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That bound them in the laws of men
Was passed, and peace

stood mute behind
And streamed a banner to the wind
The world knew not, there was a sign
Of awe, of silence, rear and van.
Men thought who never thought before;
I heard the clang and clash of steel
From sword at hand or spur at heel
And iron feet, but nothing more.
Some thought of Texas, some of Maine,
But more of rugged Tennessee, —
Of scenes in Southern vales of wine,
And scenes in Northern hills of pine
As scenes they might not meet again;
And one of Avon thought, and one
Thought of an isle beneath the sun,
And one of Rowley, one the Rhine,
And one turned sadly to the Spree.

Defeat meant something more than death: The world was ready, keen to smite, As stern and still beneath its ban With iron will and bated breath, Their hands against their fellow-man, They rode-each man an Ishmaelite. But when we struck the hills of pine, These men dismounted, doffed their cares, Talked loud and laughed old love affairs, And on the grass took meat and wine, And never gave a thought again To land or life that lay behind, Or love, or care of any kind Beyond the present cross or pain.

And I, a waif of stormy seas,
A child among such men as these,
Was blown along this savage surf
And rested with them on the turf,
And took delight below the trees.
I did not question, did not care
To know the right or wrong. I saw
That
savage

freedom had a spell,
And loved it more than I can tell,
And snapped my fingers at the law.
I bear my burden of the shame,-
I shun it not, and naught forget,
However much I may regret:
I claim some candor to my name,
And courage cannot change or die.-
Did they deserve to die? they died.
Let justice then be satisfied,
And as for me, why what am I?

The standing side by side till death, The dying for some wounded friend, The faith that failed not to the end, The strong endurance till the breath And body took their ways apart, I only know, I keep my trust. Their vices! earth has them by heart. Their virtues! they are with their dust.

How wound we through the solid wood, With all its broad boughs hung in green, With lichen-mosses trailed between!

How waked the spotted beasts of prey,
Deep sleeping from the face of day,
And dashed them like a troubled flood
Down some defile and denser wood!

And snakes, long, lithe and beautiful
As green and graceful-boughed bamboo,
Did twist and twine them through and through
The boughs that hung red-fruited full.
One, monster-sized, above me hung,
Close eyed me with his bright pink eyes,
Then raised his folds, and swayed and swung,
And licked like lightning his red tongue,
Then oped his wide mouth with surprise;
He writhed and curved, and raised and lowered
His folds like liftings of the tide,
And sank so low I touched his side,
As I rode by, with my broad sword.

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The trees shook hands high overhead,
And bowed and intertwined across
The narrow way, while leaves and moss
And luscious fruit, gold-hued and red,
Through all the canopy of green,
Let not one sunshaft shoot between.

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Birds hung and swung, green-robed and red,
Or drooped in curved lines dreamily,
Rainbows reversed, from tree to tree,
Or sang low-hanging overhead
Sang low, as if they sang and slept,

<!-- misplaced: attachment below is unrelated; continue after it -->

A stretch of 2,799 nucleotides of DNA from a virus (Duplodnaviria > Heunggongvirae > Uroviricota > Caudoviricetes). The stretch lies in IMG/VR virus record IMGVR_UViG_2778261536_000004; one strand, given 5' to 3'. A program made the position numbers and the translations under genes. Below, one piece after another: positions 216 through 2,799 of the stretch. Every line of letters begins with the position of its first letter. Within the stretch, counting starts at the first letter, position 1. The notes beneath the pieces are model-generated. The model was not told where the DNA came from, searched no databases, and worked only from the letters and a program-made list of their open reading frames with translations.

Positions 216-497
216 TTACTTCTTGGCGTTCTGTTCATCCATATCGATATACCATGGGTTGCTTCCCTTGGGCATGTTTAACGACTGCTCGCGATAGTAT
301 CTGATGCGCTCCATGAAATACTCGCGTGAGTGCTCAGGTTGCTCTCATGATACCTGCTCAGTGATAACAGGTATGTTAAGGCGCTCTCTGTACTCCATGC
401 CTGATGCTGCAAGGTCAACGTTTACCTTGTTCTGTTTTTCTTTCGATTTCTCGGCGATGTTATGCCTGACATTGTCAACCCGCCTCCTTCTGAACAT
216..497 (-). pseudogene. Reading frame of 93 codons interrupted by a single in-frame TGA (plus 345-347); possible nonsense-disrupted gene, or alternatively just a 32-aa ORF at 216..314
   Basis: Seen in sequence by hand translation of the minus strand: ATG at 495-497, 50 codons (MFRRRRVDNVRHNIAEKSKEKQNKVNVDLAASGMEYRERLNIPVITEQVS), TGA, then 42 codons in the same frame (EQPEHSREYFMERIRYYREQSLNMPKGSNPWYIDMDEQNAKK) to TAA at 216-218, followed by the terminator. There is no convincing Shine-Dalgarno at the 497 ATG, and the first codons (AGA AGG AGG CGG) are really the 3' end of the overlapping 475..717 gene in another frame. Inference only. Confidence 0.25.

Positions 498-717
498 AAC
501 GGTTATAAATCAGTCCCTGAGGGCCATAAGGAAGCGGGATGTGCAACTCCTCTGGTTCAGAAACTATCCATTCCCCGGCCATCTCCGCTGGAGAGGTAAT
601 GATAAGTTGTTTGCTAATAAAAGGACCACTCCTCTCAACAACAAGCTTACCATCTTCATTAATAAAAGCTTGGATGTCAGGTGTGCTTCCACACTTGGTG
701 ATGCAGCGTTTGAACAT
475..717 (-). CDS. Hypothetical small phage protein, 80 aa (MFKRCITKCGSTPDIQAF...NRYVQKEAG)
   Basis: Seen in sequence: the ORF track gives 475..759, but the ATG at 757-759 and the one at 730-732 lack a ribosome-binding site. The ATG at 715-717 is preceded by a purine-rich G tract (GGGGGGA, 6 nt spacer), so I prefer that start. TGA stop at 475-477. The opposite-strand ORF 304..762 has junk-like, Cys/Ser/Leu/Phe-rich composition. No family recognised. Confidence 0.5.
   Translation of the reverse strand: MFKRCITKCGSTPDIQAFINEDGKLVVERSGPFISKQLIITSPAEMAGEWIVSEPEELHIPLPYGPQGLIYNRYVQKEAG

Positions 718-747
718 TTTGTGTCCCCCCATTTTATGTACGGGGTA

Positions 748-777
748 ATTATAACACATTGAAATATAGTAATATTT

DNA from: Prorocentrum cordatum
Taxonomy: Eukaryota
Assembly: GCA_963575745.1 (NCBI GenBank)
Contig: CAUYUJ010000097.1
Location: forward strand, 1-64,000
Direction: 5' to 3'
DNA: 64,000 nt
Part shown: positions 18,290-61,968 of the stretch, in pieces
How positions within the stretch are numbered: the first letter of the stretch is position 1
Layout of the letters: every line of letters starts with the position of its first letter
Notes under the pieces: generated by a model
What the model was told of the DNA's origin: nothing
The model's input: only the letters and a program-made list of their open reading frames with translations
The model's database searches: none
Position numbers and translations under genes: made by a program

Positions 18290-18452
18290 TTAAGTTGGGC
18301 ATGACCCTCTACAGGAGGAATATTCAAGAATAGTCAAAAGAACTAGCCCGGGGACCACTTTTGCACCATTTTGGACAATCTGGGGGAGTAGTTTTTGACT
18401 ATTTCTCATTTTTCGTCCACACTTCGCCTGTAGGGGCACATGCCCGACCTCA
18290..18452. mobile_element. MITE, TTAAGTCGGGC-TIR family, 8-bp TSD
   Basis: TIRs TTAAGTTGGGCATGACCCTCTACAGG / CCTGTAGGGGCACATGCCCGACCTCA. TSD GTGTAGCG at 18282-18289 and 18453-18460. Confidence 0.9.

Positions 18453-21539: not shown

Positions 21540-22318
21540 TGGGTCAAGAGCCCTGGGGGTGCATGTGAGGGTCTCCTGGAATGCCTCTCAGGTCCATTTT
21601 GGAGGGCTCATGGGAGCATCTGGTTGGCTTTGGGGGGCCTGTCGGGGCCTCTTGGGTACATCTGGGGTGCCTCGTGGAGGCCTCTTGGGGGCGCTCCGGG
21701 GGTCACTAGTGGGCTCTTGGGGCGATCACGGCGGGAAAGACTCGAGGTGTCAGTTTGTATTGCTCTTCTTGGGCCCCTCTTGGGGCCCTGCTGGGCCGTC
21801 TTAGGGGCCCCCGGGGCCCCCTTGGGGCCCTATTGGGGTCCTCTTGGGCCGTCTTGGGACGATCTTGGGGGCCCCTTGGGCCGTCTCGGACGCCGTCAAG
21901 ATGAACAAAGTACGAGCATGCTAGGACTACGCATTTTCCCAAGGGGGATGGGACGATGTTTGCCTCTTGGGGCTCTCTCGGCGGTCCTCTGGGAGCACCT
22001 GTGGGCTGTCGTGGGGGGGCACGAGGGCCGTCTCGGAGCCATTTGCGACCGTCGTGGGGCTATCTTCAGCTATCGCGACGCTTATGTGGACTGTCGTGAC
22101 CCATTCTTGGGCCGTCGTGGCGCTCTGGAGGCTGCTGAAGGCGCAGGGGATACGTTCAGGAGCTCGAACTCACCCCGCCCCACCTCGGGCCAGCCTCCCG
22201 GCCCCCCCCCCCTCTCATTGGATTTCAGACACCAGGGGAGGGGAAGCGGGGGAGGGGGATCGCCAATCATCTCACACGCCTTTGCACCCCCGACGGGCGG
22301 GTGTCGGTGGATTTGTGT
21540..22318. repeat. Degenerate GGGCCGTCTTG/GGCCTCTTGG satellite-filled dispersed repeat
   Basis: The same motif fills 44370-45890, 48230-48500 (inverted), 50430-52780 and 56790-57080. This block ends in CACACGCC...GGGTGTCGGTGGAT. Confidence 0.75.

Sang faint, like some far waterfall,
And took no note of us at all,
Though nuts that in the way were spread
Did crush and crackle as we stept.

11

Wild lilies, tall as maidens are,
As sweet of breath, as pearly fair,
As fair as faith, as pure as truth,
Fell thick before our every tread,
As in a sacrifice to ruth,
And all the air with perfume filled
More sweet than ever man distilled.
The ripened fruit a fragrance shed
And hung in hand-reach overhead,
In nest of blossoms on the shoot,
The bending shoot that bore the fruit.

How ran the monkeys through the leaves! How rushed they through, brown clad and blue, Like shuttles hurried through and through The threads a hasty weaver weaves!

How quick they cast us fruits of gold,
Then loosened hand and all foothold,
And hung limp, limber, as if dead,
Hung low and listless overhead;
And all the time, with half-oped eyes
Bent full on us in mute surprise-
Looked wisely too, as wise hens do
That watch you with the head askew.

The long days through from blossomed trees There came the sweet song of sweet bees, With chorus-tones of cockatoo That slid his beak along the bough, And walked and talked and hung and swung, In crown of gold and coat of blue, The wisest fool that ever sung, Or had a crown, or held a tongue.

Oh, when we broke the somber wood And pierced at last the sunny plain, How wild and still with wonder stood The proud mustangs with bannered mane, And necks that never knew a rein, And nostrils lifted high, and blown, Fierce breathing as a hurricane: Yet by their leader held the while In solid column, square, and file, And ranks more martial than our own!

Some one above the common kind,
Some one to look to, lean upon,
I think is much a woman's mind;
But it was mine, and I had drawn
A rein beside the chief while we
Rode through the forest leisurely;
When he grew kind and questioned me
Of kindred, home, and home affair,
Of how I came to wander there,
And had my father herds and land,
And men in hundreds at command?
At which I silent shook my head,
Then, timid, met his eyes and said,
“Not so.

Where
sunny

foothills run
Down to the North Pacific sea,
And Willamette meets the sun
In many angles, patiently
My father tends his flocks of snow,
And turns alone the mellow sod
And sows some fields not overbroad,
And mourns my long delay in vain,
Nor bids one serve-man come or go;

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